Monday, April 03, 2017

That seems slightly more suggestive than I'd realized.

I've never been big on "decompression" in comics: the trend of basically taking maybe two good issues worth of plot and stretching them into six issues for the trade. But today's book feels like six issues crammed into one! From 1990, Uncanny X-Men #269, "Rogue Redux" Written by Chris Claremont, pencils by Jim Lee, inks by Art Thibert.

Rogue had been missing in action for about a year, sucked into the deus ex machina er, Siege Perilous, with the Master Mold in Uncanny X-Men #247. (Most of the rest of the team would willingly enter the Siege later, in an attempt to move on to new lives, or some damn thing that didn't work at all; but basically wrote the characters out until Claremont wanted to come back to them!) Even though her body is seemingly torn apart and reassembled, she comes her room, in Australia. Even Rogue finds that anti-climatic, but she may have jumped the gun. Somebody's using her room, the TV news announces the deaths of Mystique and Destiny (one would stick, the other wouldn't!) and oh yeah, her flight and invulnerability powers are gone, the X-Men are also gone, and the mutant-hating cyborg Reavers have retaken their town!

Reaver Bonebreaker must've had some kind of cyborg exposition pack installed there. Rogue is saved by the surprising return of Ms. Marvel--sort of. Years ago, when Rogue fought her, she stole her powers and memories; this was the Ms. Marvel that lived in her head given form. Wanting to be quits with that, Rogue runs to the mutant teleporter Gateway, borrows his powers, and bails. This time, Rogue ends up in the Savage Land, and not only manages to go the whole issue without seeing Ka-Zar, but she seems to have possibly the most pleasant stay there of anyone ever. It's a journey of adventure and self-discovery; although Claremont does mention "the sun doesn't rise for half the year, doesn't set for the other" and I don't think that would work. The jungle plants couldn't survive six months of darkness. Right, that's the unrealistic thing about a jungle full of dinosaurs in Antarctica. Anyway, Rogue got the better end of that deal: faux-Ms. Marvel lands on Muir Island, where the Shadow King takes her over.

Rogue finds the village of the X-Men's Savage Land friends destroyed, and has about a 30-second pity party over that and the deaths of everyone else; but has just about bucked back up when Ms. Marvel sucker punches her. (She's also being monitored by someone high-tech, but we don't see who here.) Appearing as a rotting corspe, Marvel tells Rogue they don't have enough life force for the two of them; but Rogue is unwilling to kill her. Still, the Shadow King's control plus her already-pretty-strong dislike of Rogue, gives Ms. Marvel the edge, and she nearly drains Rogue dry before being struck down from Magneto! Who uses some lab stuff to fix Rogue, and make a dramatic appearance that was totally spoiled on the cover.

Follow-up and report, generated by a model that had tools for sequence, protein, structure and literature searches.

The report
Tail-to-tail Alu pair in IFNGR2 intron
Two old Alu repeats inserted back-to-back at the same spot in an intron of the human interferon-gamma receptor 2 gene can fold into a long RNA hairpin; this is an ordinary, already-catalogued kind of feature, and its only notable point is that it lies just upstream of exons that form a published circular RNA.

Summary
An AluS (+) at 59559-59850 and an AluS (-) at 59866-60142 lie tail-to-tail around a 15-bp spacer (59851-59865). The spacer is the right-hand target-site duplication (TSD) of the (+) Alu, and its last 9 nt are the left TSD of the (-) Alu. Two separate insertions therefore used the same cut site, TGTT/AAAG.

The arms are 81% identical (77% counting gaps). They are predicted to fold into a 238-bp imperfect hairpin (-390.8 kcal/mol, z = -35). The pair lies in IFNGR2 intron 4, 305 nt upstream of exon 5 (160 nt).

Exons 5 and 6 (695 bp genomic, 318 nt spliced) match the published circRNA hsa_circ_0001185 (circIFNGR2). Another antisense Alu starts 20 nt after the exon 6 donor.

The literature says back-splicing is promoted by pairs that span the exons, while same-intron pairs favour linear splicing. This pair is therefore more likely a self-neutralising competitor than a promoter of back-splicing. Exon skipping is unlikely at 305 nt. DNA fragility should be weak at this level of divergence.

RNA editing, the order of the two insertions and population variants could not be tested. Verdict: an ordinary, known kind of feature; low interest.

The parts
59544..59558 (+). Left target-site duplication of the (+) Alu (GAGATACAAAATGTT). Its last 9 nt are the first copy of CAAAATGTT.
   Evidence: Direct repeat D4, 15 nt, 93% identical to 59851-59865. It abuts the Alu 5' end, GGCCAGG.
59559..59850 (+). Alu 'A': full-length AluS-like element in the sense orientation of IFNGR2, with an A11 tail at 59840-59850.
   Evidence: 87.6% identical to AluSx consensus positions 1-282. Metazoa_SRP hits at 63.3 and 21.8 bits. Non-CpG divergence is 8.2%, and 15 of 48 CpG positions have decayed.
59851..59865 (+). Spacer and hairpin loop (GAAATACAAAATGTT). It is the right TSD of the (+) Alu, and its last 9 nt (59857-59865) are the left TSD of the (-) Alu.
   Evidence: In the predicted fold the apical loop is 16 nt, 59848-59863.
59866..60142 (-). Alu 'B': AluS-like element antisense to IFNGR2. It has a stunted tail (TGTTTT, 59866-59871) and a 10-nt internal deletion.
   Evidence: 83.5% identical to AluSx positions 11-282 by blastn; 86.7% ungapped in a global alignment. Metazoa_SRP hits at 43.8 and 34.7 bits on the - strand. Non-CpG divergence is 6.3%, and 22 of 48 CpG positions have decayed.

This is peak Claremont, Lee just hitting his stride as a penciller, and yay, Art Thibert! (He had done some Warlord art before, so I recognized his name!) It's an issue jam-fatty-packed full; if slightly derailed since the next issue wouldn't follow up on Rogue or Magneto, but would be the first part of the X-Tinction Agenda crossover, which I surprisingly don't think I ever read. Still, I think Claremont wanted to return to Rogue after her being out for a bit, and had so much stuff he wanted to do. The bit about Rogue's walkabout-quest I felt he had used before though, for Karma in New Mutants Special Edition. And Storm may have done a bit of that in Lifedeath 2 maybe. It was a theme, we'll say.


SallyP said...

Oh Claremont. He was a bit wordy, and his accents used to drive me nuts, but at least his characters had personalities beyond their powers, and you knew who was talking... unlike Bends where ALL the characters sound exactly the same.

It also was possible to get a beginning, middle and end to a story.

Dale Bagwell said...

I got this one. That Savage Land saga tale, albeit short, was pretty good, and defintiely set up Magneto's path to villainy after fighting Zalendene, leading straight up to X-Men#1.
Damn good art too, but duh.